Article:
A major part of the project is to work with the Northern Territory Government to progress the development and delivery of the Katherine Agribusiness and Logistics Hub that will enhance the opportunities for expansion of existing industries and the development of new cropping options and industries
2. Establish new crop opportunities by investigating new crops, technologies and farming systems to increase farm productivity. Utilising the climatic and seasonal advantages that the Northern Territory, select new crops that offer opportunities to enhance the development of a profitable farming system.
Working closely with existing farmers, demonstrate production viability alongside identifying and accessing new markets for the crops;
3. Identify new areas of opportunity in the Northern Territory that are not currently cropping and the expansion of existing crops to new areas. In development of new cropping areas there is a need to facilitate the investigation of the economic viability of farming options through liaison with land holders, potential growers and expert stakeholders.
A significant component in the development of new areas will be to explore and assist in implementing diversification options to improve resilience of businesses and industry in conjunction with the diversification on pastoral lands and the Indigenous estate.
Forestry is a growing commodity in the NT. With African mahogany and Sandalwood plantations in the Douglas Daly region, Acacia plantations on Melville Island and native forest management in East Arnhem, these projects are currently being grown for many different products for domestic and international markets:
Essential oils and pharmaceuticals
The forest industry is a key employer in these regions. These forestry projects have an estimated value of over $500m
Tropical Exotic Fruits include produce such as rambutan, durian, custard apple, paw paw, pomelo and many other fruits more common in Asian countries. These crops are often sent to the large interstate markets catering to Asian consumers but are also often found at our local markets. Estimated value of this commodity group is around $9million.
NT Farmers continue to support our field crop and fodder growers. Growers are increasing their yield significantly in these areas and we are looking forward to continued growth in this sector. New field crops are being researched and developed especially in the more regional NT areas. We are seeing a greater demand for these crops as we have available land and are not likely to suffer drought conditions as effecting other parts of Australia.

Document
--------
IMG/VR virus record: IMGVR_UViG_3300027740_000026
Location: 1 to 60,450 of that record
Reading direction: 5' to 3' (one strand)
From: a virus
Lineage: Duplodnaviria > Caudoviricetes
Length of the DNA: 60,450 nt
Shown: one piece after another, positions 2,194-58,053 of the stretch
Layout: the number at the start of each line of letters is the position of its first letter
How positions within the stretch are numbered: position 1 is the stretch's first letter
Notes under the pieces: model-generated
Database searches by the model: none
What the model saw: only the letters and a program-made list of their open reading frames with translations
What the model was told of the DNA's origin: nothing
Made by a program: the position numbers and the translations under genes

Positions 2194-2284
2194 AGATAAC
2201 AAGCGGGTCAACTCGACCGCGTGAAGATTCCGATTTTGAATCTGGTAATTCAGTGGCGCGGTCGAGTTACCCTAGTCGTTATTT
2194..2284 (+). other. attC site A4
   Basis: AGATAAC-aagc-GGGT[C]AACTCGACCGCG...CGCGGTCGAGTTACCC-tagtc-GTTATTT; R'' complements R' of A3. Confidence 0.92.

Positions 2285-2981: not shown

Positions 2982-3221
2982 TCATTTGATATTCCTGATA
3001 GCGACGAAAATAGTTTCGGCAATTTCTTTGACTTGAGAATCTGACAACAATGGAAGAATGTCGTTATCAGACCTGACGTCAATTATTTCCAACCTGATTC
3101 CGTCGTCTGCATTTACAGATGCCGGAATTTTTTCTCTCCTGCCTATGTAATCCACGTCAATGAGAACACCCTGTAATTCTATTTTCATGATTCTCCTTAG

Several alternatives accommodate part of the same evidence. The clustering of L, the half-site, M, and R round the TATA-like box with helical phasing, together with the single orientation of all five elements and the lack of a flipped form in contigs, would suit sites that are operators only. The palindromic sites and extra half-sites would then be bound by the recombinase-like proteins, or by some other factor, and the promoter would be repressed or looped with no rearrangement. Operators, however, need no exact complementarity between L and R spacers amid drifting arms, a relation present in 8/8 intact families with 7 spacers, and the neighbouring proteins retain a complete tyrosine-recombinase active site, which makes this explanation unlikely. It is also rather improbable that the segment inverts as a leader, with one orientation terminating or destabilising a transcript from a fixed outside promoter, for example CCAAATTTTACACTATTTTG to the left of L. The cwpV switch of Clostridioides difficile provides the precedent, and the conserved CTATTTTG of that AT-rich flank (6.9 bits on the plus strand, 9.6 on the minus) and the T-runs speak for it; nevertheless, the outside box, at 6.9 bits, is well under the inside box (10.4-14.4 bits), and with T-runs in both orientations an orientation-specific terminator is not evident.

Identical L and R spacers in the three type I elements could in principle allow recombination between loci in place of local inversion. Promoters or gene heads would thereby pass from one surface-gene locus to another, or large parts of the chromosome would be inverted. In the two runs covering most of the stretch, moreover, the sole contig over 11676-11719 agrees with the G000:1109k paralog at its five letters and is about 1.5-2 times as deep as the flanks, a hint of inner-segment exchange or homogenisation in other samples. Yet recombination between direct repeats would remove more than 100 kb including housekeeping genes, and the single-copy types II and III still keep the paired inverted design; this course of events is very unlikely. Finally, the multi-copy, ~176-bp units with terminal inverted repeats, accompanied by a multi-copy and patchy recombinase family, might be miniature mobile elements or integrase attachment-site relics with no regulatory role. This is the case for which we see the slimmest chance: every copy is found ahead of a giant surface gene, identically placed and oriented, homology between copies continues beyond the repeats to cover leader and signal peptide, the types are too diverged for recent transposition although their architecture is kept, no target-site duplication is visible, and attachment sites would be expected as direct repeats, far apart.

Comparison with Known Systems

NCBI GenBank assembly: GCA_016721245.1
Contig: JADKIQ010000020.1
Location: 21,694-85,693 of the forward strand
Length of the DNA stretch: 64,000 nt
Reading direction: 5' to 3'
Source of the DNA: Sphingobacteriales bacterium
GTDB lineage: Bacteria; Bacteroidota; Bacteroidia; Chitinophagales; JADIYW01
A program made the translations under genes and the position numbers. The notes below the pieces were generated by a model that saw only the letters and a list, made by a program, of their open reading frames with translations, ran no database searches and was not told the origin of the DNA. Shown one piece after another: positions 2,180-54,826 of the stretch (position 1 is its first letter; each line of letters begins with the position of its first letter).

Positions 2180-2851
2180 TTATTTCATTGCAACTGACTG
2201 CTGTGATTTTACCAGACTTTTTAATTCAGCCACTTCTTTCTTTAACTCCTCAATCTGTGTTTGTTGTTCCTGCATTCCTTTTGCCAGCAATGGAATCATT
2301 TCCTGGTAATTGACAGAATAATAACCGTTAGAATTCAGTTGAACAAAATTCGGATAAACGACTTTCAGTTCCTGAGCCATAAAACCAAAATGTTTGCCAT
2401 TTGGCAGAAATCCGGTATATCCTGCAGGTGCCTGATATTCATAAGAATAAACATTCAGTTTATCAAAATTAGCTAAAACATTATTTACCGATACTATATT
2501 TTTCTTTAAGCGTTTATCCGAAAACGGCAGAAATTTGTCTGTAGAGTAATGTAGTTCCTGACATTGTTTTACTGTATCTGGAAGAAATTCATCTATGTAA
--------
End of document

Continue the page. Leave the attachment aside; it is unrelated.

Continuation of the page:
NT Farmers Association represents the grape industry. The majority of the fruit is grown in Central Australia. The industry produces approximately $8.7million of fruit per year which equates to 1950 tonnes.
NT Farmers Association has a significant amount of melon growers in the NT. The most common melons include water melon, rock melon and honey due melon.
The NT melon industry produce approximately $45million of product per year. The melons are grown over 1100ha in total and equate to 46,000 tonne of fruit
The NT Farmers Workforce Planning Coordinator project has been funded by the NT Department of Primary Industries & Resources until 30 June 2020.
The project is quite broad and includes supporting agribusiness management;
with the necessary tools and information to implement employment practices that comply with workplace relations laws and industry standards
coordinating training for upskilling of both management and staff
by identifying employers needs & workforce gaps
by collating labour force statistics and information from in-field operations to influence policy and regulatory improvements e.g. visa reform.
by representing NT Farmers nationally, contributing high quality advice
to source international labour
Other tasks include improving career pathways in the NT agriculture industry, undertaking activities that attract Territorians to consider and embark on a career in horticulture or agriculture and promoting the industry to potential employees.
NT Farmers Association (NTFA) continue to build on industry relationships through engagement-focused extension activities with vegetable growers, assisted by stakeholder involvement. Earlier vegetable project contributions were essential in achieving best management practices in the Northern Territory vegetable industry.
The aim of this project is to strengthen growers’ business and agronomic models through addressing best- practice gaps and capacity requirements identified through implementation research.